Miles away the searchers were looking in the wrong direction for Eric. The Norwegians were angry that they had to risk their own lives trying to find an American who was arrogant and foolish enough to go off alone in the Norwegian wilderness in Winter.

The American had left no note, no map of where he was going, not even a message with the innkeeper as to what direction he was headed. The searchers shook their heads in disgust at the lack of respect the American had shown for the wilderness.

But Eric knew nothing of the searchers anger or disgust. He had entered another realm; another level of existence.  He had finally reached the Goddess of Winter.  She smiled at him and took Eric into her arms. Her breasts felt warm against his chest.  Eric had expected her skin to be cold, but instead the Goddess of Winter’s skin was soft and warm as she gently caressed him.

Now that he had reached the Goddess, Eric could finally relax. He had been walking for so long and was so tired that it felt  wonderful to stop and relax.

The Winter Goddess whispered in Eric’s ear and gently stroked his hair.  Suddenly he could understand her language.  She was telling Eric that he was home now. That all his struggles were over and all his battles had been won. It was time to come in from the cold and feast at the long table with all the Gods and Goddesses.

Eric felt the peace and relaxation for which he had spent so many years searching. The Winter Goddess continued to hug him and keep him warm in the snow as his racing heart gradually slowed down and finally came to a smooth and wonderful stop.

 

Why the Dutch Tell Germans to “Bring Back Our Bicycles” at Football Matches

Whenever Dutch football (soccer) teams play German teams, the Dutch fans taunt the Germans with big  signs that say “Bring Back Our Bicycles “. The Dutch go to the trouble of writing out these signs in German so that their rivals will get the message.

The Dutch love the joke and think it is a great insult. The only  problem is that except for the very old people in the crowd , the Germans have no idea what the Dutch are talking about. The Germans know it is some sort of insult, but exactly what is it?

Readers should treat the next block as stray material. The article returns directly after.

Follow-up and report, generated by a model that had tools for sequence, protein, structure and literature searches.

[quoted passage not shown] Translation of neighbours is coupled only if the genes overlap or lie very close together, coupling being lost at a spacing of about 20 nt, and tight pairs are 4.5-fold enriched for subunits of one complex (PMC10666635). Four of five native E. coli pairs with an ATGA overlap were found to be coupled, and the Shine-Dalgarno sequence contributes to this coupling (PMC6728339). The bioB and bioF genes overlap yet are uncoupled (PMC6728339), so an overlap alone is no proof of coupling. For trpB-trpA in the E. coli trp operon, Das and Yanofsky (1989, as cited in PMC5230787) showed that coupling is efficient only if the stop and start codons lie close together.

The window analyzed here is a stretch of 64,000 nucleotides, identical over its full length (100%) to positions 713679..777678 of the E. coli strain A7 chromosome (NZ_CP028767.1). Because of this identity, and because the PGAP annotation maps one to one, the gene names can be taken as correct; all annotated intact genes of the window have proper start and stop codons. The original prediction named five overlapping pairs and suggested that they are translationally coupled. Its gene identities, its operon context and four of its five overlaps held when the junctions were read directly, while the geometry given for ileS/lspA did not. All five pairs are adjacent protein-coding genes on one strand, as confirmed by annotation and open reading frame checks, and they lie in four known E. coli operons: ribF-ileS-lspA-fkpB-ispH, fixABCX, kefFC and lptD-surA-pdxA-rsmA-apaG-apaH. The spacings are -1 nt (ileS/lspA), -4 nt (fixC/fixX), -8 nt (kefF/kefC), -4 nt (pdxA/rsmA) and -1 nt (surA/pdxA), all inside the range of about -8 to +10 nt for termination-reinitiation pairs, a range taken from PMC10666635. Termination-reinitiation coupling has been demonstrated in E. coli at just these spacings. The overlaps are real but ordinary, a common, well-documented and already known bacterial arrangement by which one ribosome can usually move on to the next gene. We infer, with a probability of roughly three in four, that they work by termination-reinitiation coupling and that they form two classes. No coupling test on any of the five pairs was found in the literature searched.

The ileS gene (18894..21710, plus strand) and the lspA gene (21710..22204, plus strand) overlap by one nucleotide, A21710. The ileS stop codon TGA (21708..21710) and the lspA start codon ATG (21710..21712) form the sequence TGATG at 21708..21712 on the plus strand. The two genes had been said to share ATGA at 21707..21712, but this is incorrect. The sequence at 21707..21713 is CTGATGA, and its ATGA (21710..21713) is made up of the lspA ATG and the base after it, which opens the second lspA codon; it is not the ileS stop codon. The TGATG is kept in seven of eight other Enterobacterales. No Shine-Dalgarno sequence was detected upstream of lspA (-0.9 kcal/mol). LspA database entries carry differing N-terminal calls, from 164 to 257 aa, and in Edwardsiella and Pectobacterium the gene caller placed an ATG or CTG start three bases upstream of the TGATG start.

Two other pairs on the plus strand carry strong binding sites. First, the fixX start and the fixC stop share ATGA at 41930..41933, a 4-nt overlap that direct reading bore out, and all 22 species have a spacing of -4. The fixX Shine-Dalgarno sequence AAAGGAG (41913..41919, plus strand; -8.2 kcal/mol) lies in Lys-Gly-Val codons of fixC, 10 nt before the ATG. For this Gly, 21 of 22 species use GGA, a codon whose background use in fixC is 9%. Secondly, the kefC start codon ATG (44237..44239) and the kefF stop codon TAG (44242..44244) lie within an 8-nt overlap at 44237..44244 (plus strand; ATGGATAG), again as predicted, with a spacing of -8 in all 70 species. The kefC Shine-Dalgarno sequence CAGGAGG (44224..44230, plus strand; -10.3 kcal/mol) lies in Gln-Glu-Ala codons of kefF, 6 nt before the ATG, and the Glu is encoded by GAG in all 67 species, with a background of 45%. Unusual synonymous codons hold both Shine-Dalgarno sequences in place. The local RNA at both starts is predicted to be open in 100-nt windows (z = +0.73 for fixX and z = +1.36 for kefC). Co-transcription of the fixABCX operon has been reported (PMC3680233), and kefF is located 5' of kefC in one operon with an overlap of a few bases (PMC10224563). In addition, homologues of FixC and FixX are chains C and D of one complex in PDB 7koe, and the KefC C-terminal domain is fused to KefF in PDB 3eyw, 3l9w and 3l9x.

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Well it goes back to the end of World War II. The Germans, of course, had invaded The Netherlands at the very beginning of the war, and it  was one of the very last countries liberated by the Allied Forces.

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By that point in the war, the German army was completely defeated and the Germans were retreating full speed as the Allied Forces approached. The Germans were using everything they could to get out of the Netherlands. They took trucks, cars,  motorcycles and tractors. When no motorized vehicles were left, the remaining German soldiers stole every bicycle in The Netherlands and rode them back to Germany.

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These events were 70 years ago, but the Dutch have never forgotten. They never hold up signs asking to bring back the cars or trucks or tractors. It is the bicycles they remember.

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The Netherlands is a nation of bicyclists. Children, businessmen, old people and beautiful young women all ride the big sturdy Dutch bicycles. In the pouring rain they ride them to work, steering with one hand and holding an umbrella in the other.

As time goes by and World War II seems more and more distant, the people of Europe will forget many things.  But the Dutch will never forget or forgive the theft of their bicycles.